- Film & TV
- 08 Aug 18
The personal and political collide in essay about nation and family
"I always felt I came from a place, not a nation." Here the apple falls far from the tree, and it's this distance that is explored in Donal Foreman's deeply personal, autobiographical film essay. Foreman is the son of Irish-American filmmaker and radical Arthur MacCaig, who spent years documenting the conflict in Northern Ireland - though the two only met a handful of times before MacCaig's death in 2008.
Structured as a letter to MacCaig, Foreman unearths never before seen material from his father's archives, which not only chronicle MacCaig's upbringing in New Jersey and his years living in Paris, but also include incredible footage of the IRA in Belfast. This careful, therapeutic structure, which also includes title cards with Seamus Heaney quotes to demarcate different chapters, almost self-consciously contrasts with the cinematic style of his father. MacCaig's work was deliberately impressionistic, eschewing the conventions of form to evoke the tumultuous atmosphere and terrifying unpredictability of the Troubles.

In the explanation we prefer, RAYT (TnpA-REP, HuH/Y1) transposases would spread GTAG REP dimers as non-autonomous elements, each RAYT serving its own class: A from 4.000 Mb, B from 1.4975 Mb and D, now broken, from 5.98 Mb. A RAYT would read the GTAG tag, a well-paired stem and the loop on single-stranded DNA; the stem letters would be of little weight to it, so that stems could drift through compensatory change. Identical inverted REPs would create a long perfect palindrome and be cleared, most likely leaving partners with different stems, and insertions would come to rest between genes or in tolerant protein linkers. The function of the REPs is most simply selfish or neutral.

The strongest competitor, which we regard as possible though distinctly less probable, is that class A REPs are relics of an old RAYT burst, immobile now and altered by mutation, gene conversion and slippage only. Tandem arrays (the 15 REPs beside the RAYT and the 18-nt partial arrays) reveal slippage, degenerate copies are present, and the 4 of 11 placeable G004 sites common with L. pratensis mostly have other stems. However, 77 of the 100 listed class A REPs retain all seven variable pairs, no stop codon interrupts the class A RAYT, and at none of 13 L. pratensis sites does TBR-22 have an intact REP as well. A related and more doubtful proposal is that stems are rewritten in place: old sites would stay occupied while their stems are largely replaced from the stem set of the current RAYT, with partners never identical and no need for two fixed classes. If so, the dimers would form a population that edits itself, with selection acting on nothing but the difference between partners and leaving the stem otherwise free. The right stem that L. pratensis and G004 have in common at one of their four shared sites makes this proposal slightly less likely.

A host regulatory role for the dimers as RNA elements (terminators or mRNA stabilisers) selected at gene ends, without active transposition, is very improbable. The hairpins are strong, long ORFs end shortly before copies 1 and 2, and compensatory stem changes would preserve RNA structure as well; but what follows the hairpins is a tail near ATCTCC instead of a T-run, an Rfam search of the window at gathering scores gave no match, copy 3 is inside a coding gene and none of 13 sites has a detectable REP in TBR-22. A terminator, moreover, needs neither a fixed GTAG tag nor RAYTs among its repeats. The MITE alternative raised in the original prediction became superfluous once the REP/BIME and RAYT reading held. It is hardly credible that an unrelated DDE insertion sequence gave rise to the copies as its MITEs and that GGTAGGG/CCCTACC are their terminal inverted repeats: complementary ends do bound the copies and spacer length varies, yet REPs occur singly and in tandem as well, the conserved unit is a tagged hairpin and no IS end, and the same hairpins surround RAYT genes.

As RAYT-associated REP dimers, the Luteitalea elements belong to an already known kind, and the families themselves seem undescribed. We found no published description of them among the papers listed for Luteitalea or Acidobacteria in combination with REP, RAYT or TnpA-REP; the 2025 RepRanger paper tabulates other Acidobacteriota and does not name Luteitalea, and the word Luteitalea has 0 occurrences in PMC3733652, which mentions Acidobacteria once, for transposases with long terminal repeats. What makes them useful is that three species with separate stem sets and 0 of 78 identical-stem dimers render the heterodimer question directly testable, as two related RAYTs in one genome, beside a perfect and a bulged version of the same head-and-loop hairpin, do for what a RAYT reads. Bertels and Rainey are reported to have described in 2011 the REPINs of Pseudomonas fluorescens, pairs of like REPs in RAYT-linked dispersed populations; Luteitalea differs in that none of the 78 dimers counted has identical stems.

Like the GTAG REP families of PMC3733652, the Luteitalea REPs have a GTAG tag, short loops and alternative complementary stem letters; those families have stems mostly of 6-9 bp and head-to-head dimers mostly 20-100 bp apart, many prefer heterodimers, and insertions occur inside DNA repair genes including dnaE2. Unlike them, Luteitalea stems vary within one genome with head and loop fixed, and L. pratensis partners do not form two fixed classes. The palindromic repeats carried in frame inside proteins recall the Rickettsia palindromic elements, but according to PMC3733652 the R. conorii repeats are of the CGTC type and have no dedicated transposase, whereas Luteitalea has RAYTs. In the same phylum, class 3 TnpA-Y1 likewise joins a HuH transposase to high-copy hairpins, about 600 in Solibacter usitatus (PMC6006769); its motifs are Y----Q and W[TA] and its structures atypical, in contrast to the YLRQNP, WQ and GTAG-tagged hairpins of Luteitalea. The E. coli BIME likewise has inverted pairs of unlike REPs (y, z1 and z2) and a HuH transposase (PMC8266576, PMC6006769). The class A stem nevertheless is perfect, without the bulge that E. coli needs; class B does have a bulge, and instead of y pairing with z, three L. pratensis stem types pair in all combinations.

Their differing styles aren't the only way that the father and son's lives contrasted. While MacCaig moved from America to Europe, Foreman did the opposite; the year Foreman made his first film, MacCaig made his last. And Foreman pushes the theme of contradiction and connection, exploring their different experiences of Irish nationalism and use of imagery to highlight social struggles. Foreman juxtaposes MacCaig's footage of violence and balaclava-clad, gun-bearing IRA members with childhood home movies, including scenes of Foreman stumbling around, covered in fake blood - kids playing at being criminals.